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Jodi
Member since Aug1203

Aug1103, 11:48 PM (EST) 

"Pythagoras theory"

Hi there I just dropped by to ask if you can tell me please: Can you use Pythagoras theory to create a triangle with a perfect right angle? ie I want to measure ab at say, 2 metres, then bc at say 3 metres, then for instance find the distance ac to create a perfect right angle. You help's much appreciated Jodi 

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Vladimir
Member since Jun2203

Aug1203, 09:11 AM (EST) 

2. "RE: Pythagoras theory"
In response to message #0

For practical applications, AB = 2m and BC = 3m would be inconvenient, for CA = Ö(4 + 9) = Ö13m. But you can easily generate plenty of integer Pythagorean triples such that a^{2} + b^{2} = c^{2}. Certain Pythagorean triples were used in ancient times in construction work long before Pythagoras discovered his theorem. For example, the ancient Egyptians knew the Pythagorean triple (3, 4, 5) and the ancient Indians (from India) the Pythagorean triple (5, 12, 13). I imagine that they made a circular rope with 3 + 4 + 5 = 12 resp. or 5 + 12 + 13 = 30 equidistant marks labeled 1, 2, ..., 12 resp. 30 and then they stretched the rope at the marks 3, 7, and 12 resp. 5, 17, and 30.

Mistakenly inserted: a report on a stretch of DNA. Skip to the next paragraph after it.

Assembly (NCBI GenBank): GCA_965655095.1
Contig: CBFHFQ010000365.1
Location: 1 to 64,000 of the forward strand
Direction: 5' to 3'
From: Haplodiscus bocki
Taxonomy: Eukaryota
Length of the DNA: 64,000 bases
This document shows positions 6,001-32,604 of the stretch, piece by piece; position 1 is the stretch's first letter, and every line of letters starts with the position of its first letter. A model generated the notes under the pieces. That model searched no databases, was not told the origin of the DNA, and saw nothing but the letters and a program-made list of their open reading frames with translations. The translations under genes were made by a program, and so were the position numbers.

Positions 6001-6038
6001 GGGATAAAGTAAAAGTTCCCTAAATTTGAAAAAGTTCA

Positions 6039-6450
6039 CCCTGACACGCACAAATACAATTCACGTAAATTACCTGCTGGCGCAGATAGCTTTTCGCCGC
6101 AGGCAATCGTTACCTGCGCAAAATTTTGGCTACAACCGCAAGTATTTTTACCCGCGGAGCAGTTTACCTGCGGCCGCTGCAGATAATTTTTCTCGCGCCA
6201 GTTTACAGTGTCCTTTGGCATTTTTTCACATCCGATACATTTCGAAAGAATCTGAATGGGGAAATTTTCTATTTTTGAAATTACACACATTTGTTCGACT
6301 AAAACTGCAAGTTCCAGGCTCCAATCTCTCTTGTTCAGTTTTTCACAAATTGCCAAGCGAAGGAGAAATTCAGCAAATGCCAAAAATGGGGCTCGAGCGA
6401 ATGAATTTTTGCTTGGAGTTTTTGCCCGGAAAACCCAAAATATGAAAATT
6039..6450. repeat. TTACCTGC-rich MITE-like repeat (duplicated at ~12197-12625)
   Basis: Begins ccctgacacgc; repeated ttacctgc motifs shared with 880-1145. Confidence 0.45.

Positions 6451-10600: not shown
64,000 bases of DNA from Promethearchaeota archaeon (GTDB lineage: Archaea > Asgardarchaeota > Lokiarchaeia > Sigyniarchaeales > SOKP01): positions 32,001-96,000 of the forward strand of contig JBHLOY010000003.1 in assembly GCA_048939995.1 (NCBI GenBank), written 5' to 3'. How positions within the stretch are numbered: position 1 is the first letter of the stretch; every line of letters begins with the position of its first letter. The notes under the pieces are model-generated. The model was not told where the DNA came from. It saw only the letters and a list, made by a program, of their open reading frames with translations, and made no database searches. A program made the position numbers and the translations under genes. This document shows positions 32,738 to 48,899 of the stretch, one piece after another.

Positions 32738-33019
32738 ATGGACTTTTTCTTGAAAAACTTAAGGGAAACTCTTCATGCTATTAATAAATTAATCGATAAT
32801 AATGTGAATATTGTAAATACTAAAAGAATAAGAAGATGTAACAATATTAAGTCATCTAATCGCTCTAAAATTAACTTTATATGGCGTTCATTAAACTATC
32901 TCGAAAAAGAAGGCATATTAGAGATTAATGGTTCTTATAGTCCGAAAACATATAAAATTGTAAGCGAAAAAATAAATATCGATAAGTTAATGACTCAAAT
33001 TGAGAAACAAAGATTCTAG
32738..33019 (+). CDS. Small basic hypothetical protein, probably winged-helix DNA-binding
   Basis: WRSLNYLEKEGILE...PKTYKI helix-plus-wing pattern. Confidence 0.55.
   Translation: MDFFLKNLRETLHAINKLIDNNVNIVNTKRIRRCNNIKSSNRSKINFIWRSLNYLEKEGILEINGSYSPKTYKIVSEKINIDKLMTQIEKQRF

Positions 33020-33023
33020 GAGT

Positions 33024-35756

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Graham C
Member since Feb503

Aug1903, 11:24 PM (EST) 

3. "RE: Pythagoras theory"
In response to message #0

This reminds me of an old problem (I'm thinking 40 years ago) which some people may not be familiar with. You have an inexhaustible supply of matches, which can be linked together at their ends, but not rigidly  i.e. they can wiggle around. Your task is to construct a rigid rightangle that cannot be deformed (other than by breaking the matches). What is the minimum number of matches you need? 

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